Press Releases

    13 September 2004

    Three-Day DPI/NGO Conference Aimed at Assessing Progress towards Meeting Global Development Goals Concludes at Headquarters

    NEW YORK, 10 September (UN Headquarters) -- “The Millennium Development Goals are not ours, they’re yours”, the Administrator of the United Nations Development Programme (UNDP) and Chair of the United Nations Development Group (UNDG), Mark Malloch-Brown, told a vibrant group of civil society representatives this evening upon the conclusion of their three-day Conference at Headquarters. 

    Championing attainment of the Millennium Development Goals at the closing of the fifty-seventh annual Conference of non-governmental organizations (NGOs) and the United Nations Department of Public Information (DPI), civil society representatives urged action, beyond the meeting, to forge stronger, results-based partnerships between themselves, governments and the United Nations.

    Four years after adoption by the world leaders of the eight development Goals, and following intensive campaigns to promote their implementation amid persistent and seemingly intractable obstacles, more than 1,800 representatives from 540 organizations based in 93 countries had come together at Headquarters for three days to assess the progress and consider the way forward. 

    The Goals, adopted by world leaders at the Millennium Summit, bound countries in the fight against poverty, illiteracy, hunger, lack of education, gender inequality, child and maternal mortality, disease and environmental degradation. The eighth goal pressed the developed countries to relieve debt, increase aid and give poor countries fair access to markets and technology.

    During the Conference, participants held several workshops and day-long panels on such topics as: assessing progress; overcoming obstacles; building North/South partnerships; and raising awareness of the Goals. The “collective voice of global citizens” was heard at a public hearing this afternoon. 

    A range of themes and proposals emerged during the public hearing this afternoon.  Among them was the suggestion for the creation of a web site to help non-governmental organization (NGOs), in both developed and developing countries, bridge the gaps in knowledge, and the possible elaboration of new development paradigms to safeguard people with special needs. Questions were also asked about what civil society could do to prevent the “power brokers” from hijacking the partnerships, and how the Goals could make a difference to war-weary women. 

    The anchor from CNN International, Zain Verjee, moderated the response of the following panellists: Jacques Attali, President, PlaNet Finance; Mr. Malloch-Brown, Administrator, UNDP, and Chair, UNDG; and Kavita Ramdas, President, Global Fund for Women.

    Delivering the keynote address for the session’s closing was Mr. Attali, President, PlaNet Finance, who said that NGOs represented the forefront of what the future would be -- a world of diversity, tolerance and respect for others.  Meanwhile, many of the Goals were not being attained, and not only in Africa.  In the years to come, poverty would affect not just a quarter of the world but half of the world.  Yet, now more than ever, the world had the technical, financial and political means to solve the problems.

    Also in closing, Co-Chair of the Conference, Joan Kirby, thanked the many planners who had provided the Conference with a richness and diversity of speakers. She had heard a number of important points, including the need to change power relationships and put women in leadership position for the attainment of the Goals. Add youth, “and then we have a dynamite proposition”.  She had also heard that the market economy could not eradicate poverty because the poorest were too poor to participate in the market. So, there was a need to give and not sell. She had always referred to the Goals as humanitarian, but she now understood that economic policy was at the very heart of their achievement. She also heard reinforced that development and security were interdependent. She urged participants to take home those and other lessons and to continue to dedicate themselves to relieving the misery of the world.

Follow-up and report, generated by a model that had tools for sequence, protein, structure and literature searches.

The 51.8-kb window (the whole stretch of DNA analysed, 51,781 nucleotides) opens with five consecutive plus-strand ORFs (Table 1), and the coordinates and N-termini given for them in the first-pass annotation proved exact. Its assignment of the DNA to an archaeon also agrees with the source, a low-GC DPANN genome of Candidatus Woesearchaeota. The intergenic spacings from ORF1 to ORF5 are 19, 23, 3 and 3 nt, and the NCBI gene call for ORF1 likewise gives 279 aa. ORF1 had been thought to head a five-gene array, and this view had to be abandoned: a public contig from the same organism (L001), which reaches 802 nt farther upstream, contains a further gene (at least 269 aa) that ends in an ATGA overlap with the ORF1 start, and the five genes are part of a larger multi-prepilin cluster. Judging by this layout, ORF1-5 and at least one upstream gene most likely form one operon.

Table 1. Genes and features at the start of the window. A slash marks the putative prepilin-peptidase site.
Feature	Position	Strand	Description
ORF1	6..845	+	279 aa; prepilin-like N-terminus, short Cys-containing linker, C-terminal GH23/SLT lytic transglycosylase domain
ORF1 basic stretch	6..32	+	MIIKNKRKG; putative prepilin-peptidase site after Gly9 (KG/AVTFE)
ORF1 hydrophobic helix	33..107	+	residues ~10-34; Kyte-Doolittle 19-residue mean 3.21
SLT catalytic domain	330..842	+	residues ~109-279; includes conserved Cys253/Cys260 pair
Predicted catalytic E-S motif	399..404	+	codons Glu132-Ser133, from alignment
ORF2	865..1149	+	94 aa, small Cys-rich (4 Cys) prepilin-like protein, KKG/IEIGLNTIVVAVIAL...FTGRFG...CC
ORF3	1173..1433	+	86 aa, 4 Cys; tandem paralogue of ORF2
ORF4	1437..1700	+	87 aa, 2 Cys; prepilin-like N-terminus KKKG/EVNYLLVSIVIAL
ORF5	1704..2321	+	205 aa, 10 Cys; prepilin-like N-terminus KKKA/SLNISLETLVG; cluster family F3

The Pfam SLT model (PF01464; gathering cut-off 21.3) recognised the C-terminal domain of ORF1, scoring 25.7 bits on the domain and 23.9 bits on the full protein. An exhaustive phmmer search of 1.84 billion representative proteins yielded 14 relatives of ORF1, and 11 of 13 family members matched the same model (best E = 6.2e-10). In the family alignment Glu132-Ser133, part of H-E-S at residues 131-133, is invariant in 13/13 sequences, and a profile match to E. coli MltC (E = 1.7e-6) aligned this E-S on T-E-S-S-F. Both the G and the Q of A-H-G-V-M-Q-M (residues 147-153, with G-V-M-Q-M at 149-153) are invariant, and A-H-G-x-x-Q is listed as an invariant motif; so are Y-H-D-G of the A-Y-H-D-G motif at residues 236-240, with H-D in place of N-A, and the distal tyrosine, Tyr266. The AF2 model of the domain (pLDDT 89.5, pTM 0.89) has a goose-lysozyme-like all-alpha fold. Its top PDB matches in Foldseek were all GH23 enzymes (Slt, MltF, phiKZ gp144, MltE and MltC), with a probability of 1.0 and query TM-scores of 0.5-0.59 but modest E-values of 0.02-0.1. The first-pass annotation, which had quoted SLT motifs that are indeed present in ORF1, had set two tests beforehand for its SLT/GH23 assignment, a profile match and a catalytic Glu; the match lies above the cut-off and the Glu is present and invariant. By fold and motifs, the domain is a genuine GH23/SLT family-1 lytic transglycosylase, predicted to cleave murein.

Under-Secretary-General for Communications and Public Information of the United Nations, Shashi Tharoor, hailed the NGOs for having been innovative and having put pressure on governments to join the effort to help change people’s lives. As had been suggested during the Conference by the Special Adviser to the Secretary-General on the Millennium Development Goals, Jeffrey Sachs, the next

    12 months would be critical in getting the Goals on track. The target date of 2015 was not so far away and, at that time, everyone here would be held accountable for their successes and failures by those most in need of our help, Mr. Tharoor said.

    This morning, the Director of the United Nations Millennium Campaign, United Nations Development Programme (UNDP), Salil Shetty, moderating a panel on campaigns, said that, for the first time in human history, there was a grand-scale political commitment to assign responsibility for achieving the targets to both developed and developing countries, and to stop pointing fingers, at each other while poor people continued to suffer. Although the Goals had become an important rallying point for the developing community as whole, progress in implementing them had not been satisfactory.  He stressed the critical need to create political will, for which citizen campaigns were key.

    Drawing attention to the social isolation often experienced by people infected with HIV/AIDS, Olayinka Jegede-Ekpe, head of the NGO, Nigerian Community of Women Living with HIV/AIDS, said that, as a woman living with the disease, she understood that it was a developmental and political issue. She wondered how well people living with HIV, especially women, had been integrated into the programmes of NGOs. Without their proper integration, no science in the world would solve the epidemic, and that would compromise attainment of the Goals.